Bitch, bitch, moan, moan. Just make it work, you say. If the java guys can do it, why can’t you? Well, we have made it work (for the most part.) But there’s a real price we pay for it.

I’m a Berkeley, worse-is-better sort of guy. I think that simplicity of design is the most important thing. I can’t tell you how much more complicated method overloading makes the implementation of the GScript parser. Parsing expressions, parsing arguments, assignability testing, etc. It bleeds throughout the entire parser, its little tentacles of complexity touching places you would never expect. If you come across a particularly nasty part of the parser, it’s a good bet that it’s there either because of method overloading or, at least, is made more complicated by it.

Oh, man up! you say. That’s the parser’s and tool developer’s problem, not yours.

Nope. It’s your problem too. Like Josh Bloch says, projects have a complexity budget. When we blow a big chunk of that budget on an idiotic feature like method overloading, that means we can’t spend it on other, better stuff.

Unfortunately, because GScript is Java compatible, we simply can’t remove support for method overloading. If we could though, GScript would have other, better features and, more importantly, fewer bugs.

That is why I am hate method overloading. And so can you.

It can always be better

George Bernard Shaw put it best when he remarked that all progress depends on the unreasonable man.  Progress in just about any area requires that you not be content with the status quo, since otherwise you wouldn’t bother trying to make it better.  But at the same time, constant discontent with the world is a rough way to live; if nothing is ever good enough, you’ll always be unhappy, and if you’re always going to be unhappy what exactly is the point of working so hard to make things better?  On a pretty fundamental level, isn’t that drive to make progress and improve things the result of a desire to turn some discontentment with the current state of affairs into contentment?  But once you reach that contented state, how do you keep going?  Shaw could just as easily have said that all progress depends on the discontented man, but who wants to spend their live discontented?

Dealing with that requires finding a balance between contentment and complacency on one hand and discontentment and action on the other hand.  Logically, they’re kind of two ends of one scale; they’re P and not-P.  You can only have one, right?  Thankfully (or not, depending on your perspective), the human brain isn’t actually constrained by the rules of logic.  Logic tells us “P or not-P” but your brain says, “Why can’t I have both again?”  Paradoxes are a part of life, and they’re not just the result of lazy thinking; as much as the analytic philosopher/computer scientist in me wants the world to be a rational, P or not-P sort of place, it’s not, and we can find ways to use that to our advantage.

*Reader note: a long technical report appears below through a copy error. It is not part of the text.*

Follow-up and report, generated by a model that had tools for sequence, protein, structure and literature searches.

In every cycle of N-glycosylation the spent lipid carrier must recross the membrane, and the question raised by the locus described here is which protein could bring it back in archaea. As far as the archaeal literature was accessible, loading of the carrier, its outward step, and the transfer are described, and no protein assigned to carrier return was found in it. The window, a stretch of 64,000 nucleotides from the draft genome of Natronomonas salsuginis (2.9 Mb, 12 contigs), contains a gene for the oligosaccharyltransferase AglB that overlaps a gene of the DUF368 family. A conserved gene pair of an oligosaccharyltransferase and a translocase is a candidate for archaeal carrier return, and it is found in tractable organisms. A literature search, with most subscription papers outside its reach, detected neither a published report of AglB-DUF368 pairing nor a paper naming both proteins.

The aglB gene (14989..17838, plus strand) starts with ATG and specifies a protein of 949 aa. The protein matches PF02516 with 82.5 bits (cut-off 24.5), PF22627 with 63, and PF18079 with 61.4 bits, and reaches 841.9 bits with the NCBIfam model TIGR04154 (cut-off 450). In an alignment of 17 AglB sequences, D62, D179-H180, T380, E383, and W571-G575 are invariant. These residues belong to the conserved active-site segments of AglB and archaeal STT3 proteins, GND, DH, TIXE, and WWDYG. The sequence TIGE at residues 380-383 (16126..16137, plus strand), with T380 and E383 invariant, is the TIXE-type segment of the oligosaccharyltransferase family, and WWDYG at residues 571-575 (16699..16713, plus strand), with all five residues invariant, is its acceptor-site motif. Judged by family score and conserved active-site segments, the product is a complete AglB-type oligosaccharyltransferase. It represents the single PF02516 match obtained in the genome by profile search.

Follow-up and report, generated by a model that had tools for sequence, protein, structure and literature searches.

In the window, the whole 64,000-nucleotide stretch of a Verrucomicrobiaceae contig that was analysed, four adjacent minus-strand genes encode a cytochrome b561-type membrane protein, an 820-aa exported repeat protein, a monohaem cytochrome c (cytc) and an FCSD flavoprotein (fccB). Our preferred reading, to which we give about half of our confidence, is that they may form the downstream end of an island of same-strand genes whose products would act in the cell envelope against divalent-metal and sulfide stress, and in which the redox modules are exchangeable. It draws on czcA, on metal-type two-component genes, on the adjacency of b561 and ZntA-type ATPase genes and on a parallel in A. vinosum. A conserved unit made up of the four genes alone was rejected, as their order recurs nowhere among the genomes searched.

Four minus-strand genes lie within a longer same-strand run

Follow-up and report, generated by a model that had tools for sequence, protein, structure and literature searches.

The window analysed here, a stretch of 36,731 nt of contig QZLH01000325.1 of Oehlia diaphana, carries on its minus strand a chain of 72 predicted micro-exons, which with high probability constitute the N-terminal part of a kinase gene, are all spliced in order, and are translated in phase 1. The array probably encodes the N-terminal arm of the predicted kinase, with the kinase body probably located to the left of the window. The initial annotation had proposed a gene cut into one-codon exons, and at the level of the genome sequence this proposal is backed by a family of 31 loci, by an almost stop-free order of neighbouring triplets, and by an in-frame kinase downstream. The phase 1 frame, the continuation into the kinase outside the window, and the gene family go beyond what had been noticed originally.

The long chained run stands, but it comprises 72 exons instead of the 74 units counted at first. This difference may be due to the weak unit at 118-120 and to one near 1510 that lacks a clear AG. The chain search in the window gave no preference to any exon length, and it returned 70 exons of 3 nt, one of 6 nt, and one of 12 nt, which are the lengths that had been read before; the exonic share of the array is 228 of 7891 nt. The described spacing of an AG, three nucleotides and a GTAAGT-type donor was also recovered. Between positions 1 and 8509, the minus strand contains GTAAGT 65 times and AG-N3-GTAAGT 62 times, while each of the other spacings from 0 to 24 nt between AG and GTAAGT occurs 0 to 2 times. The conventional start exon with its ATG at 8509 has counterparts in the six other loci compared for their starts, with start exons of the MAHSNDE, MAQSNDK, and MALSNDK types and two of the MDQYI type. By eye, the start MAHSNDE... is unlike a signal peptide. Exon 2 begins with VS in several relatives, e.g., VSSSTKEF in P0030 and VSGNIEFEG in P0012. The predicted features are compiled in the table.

My solution is to take that one single axis of “am I happy with X” and treat it as if it’s actually two independent axes; I call them “contentment” and “satisfaction” for lack of better terms, such that I can be content while still not being satisfied with things.  If I’m running, I can simultaneously be contented that I ran what for me is a good time while still being dissatisfied that I didn’t set a new personal best.  And if I’m working, I can simultaneously be extremely happy with how much I’ve been able to do while being appalled that I haven’t done more, and I can be content with the state of our code and our tools and how advanced they are compared to what our competitors try to work with while still feeling like I won’t actually be happy until they’ve come miles further than where they are now.

This is just my opinion, of course, but I think a lot of people tend to fall into just one sort of thinking or the other:  either they’re happy enough with things that it reduces their drive to improve them, or they’re driven to improve things but they’re unhappy (and in many cases, that can lead to feelings of futility, which eventually just kills motivation altogether).  I’m not sure I really have the balance mastered myself, but I’m pretty convinced that it’s critical to doing the best work that I can do and avoiding complacency on one hand and burnout on the other.

There’s a more sinister form of the discontentment that afflicts software engineers as well, and that’s the gold-plating/no shipping afflication that leads to never deciding something is good enough to move on.  So if you’re an engineer, that’s yet another potential affliction to master; you need to find a way to be content and enjoy your work while not getting burned out, and to constantly improve everything while still being able to ship code and move on to new projects.

If there’s one thing I look for in engineering candidates these days, it’s probably that constant drive to improve things, and that recognition that things can always be better.  Because they can.  There’s no end-point in the game we’re playing (yes, even if you’re a Lisp guy, the answer is still out there); the language, the tools, the libraries, the techniques, the tests, the code, the process . . . no part of the stack is ever truly done.  To me one of the joys and truly unique things about software development is the fact that there is always progress to be made, and that every engineer has the opportunity to make that kind of progress.  I think that constant drive is something that all truly great engineers share.  Be unreasonable.

But even better than that constant drive to make things better is the ability to keep that drive alive over months and years and decades while staying happy, enjoying the work, avoiding burnout, and being able to priortize that against the need to ship and the need to move on to other projects.